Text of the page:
Service Learning Project

Thursday, May 21st, 2015

Service Learning Project

            This semester I am enrolled in social psychology, which is a service learning class. Prior to the completion of this class, I am required to choose a service site and spend at least 20 hours at that service site. The service site that I chose was Chastang Middle School. The students and staff at Chastang are predominantly African-American. Chastang is located in a lower class neighborhood. Many of the children who attend Chastang do not have a positive role model and are also surrounded by negativity at home. I attended Chastang Middle School, and the fact that I attended Chastang hugely contributed to me choosing it as a site. I can relate to these children on a personal level. I did not have a role model growing up, nor did I have parents. I was raised by my lower income-class grandparents and I was surrounded by negativity.

            The first few days at my service site were pretty rough. I do not have any experience with children in an educational setting, so I was having difficulties getting the children to listen to me. Being able to analyze humans is what I want to be able to do upon getting my bachelors.  I decided to approach this situation from a psychological aspect. I thought to myself, “I have to get these kids to want to listen to me”. The solution that I came up with is letting the children play games on my iPad in return for reading, doing math problems, and doing their homework.  Initially, this was going pretty well, but after a few visits, all the children was interested in doing was playing games. I could have easily had that authoritarian attitude, but I am a leader; I prefer people that want to listen to me verses those who have to.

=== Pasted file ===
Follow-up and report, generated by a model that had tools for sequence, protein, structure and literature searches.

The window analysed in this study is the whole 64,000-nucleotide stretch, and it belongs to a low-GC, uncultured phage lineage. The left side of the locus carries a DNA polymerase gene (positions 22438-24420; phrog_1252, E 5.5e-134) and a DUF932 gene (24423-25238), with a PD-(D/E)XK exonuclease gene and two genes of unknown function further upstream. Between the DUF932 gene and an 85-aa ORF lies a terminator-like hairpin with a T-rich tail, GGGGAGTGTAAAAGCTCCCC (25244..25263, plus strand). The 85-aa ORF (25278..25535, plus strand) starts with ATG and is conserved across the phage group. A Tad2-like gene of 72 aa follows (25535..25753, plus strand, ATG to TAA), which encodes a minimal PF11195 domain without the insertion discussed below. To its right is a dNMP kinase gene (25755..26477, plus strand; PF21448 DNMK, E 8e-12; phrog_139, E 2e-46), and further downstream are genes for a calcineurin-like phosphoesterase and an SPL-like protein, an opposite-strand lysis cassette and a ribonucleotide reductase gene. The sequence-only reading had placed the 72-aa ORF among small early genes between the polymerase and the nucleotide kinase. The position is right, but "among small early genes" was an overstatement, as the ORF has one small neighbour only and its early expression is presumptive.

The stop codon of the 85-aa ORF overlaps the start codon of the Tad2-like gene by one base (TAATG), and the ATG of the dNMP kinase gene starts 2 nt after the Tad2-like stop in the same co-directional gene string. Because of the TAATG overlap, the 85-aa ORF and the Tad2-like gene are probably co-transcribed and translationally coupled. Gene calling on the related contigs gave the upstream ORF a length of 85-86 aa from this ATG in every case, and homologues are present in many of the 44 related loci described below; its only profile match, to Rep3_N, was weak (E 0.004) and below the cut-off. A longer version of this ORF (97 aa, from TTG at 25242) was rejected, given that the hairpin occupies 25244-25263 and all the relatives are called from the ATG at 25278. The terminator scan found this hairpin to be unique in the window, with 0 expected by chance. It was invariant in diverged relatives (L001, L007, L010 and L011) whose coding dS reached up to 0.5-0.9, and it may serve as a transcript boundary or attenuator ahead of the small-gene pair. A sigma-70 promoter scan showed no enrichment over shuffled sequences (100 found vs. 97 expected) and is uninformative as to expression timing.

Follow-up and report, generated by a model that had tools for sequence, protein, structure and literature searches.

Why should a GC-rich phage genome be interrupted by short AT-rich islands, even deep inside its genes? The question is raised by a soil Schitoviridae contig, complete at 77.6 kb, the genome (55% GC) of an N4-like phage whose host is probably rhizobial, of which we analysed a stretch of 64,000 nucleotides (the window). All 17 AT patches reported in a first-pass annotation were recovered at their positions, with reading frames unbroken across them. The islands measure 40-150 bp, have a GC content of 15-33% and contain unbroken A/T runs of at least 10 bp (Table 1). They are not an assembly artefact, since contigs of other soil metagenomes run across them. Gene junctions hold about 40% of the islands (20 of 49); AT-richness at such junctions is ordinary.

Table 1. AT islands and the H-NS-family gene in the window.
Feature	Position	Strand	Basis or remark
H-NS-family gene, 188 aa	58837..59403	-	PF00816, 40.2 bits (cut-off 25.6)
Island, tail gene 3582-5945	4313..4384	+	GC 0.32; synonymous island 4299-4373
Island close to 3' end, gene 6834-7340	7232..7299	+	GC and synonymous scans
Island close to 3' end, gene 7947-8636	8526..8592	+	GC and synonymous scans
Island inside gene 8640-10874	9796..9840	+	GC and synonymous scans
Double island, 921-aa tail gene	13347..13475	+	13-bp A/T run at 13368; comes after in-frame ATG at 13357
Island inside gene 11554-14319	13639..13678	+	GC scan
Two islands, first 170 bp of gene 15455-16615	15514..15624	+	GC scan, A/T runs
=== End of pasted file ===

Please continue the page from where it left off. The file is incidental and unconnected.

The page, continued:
I am aware of the children’s culture, like I mentioned before I attended Chastang and I am originally from the area. I understand what these children are going through both at school and at home. Some of these children go to school and get bullied. They are bullied either because of the way they look, dress, act, the type of grades they make, or the amount of income their parents make. The reason these children get bullied are absurd.  I had a conversation with one child, who said he is constantly bullied. The young man who I spoke with has a learning disability, but he is rational. He was under the impression that he had to fight his bullies to make them stop. I explained to him why fighting is never the answer, and the best way to get rid of a bully is not entertain their bullying. The young man has aspirations, but he just need someone long term in his life to guide him. I understand what he is going through. He is not a negative young man, he is just oblivious and inexperience on how to react in certain situations. Majority of these children have no one to turn to for advice. I personally think that this service learning assignment should also consist of a big-brother/big-sister type program. These children need someone who is constantly in their life, someone who they can build a relationship with.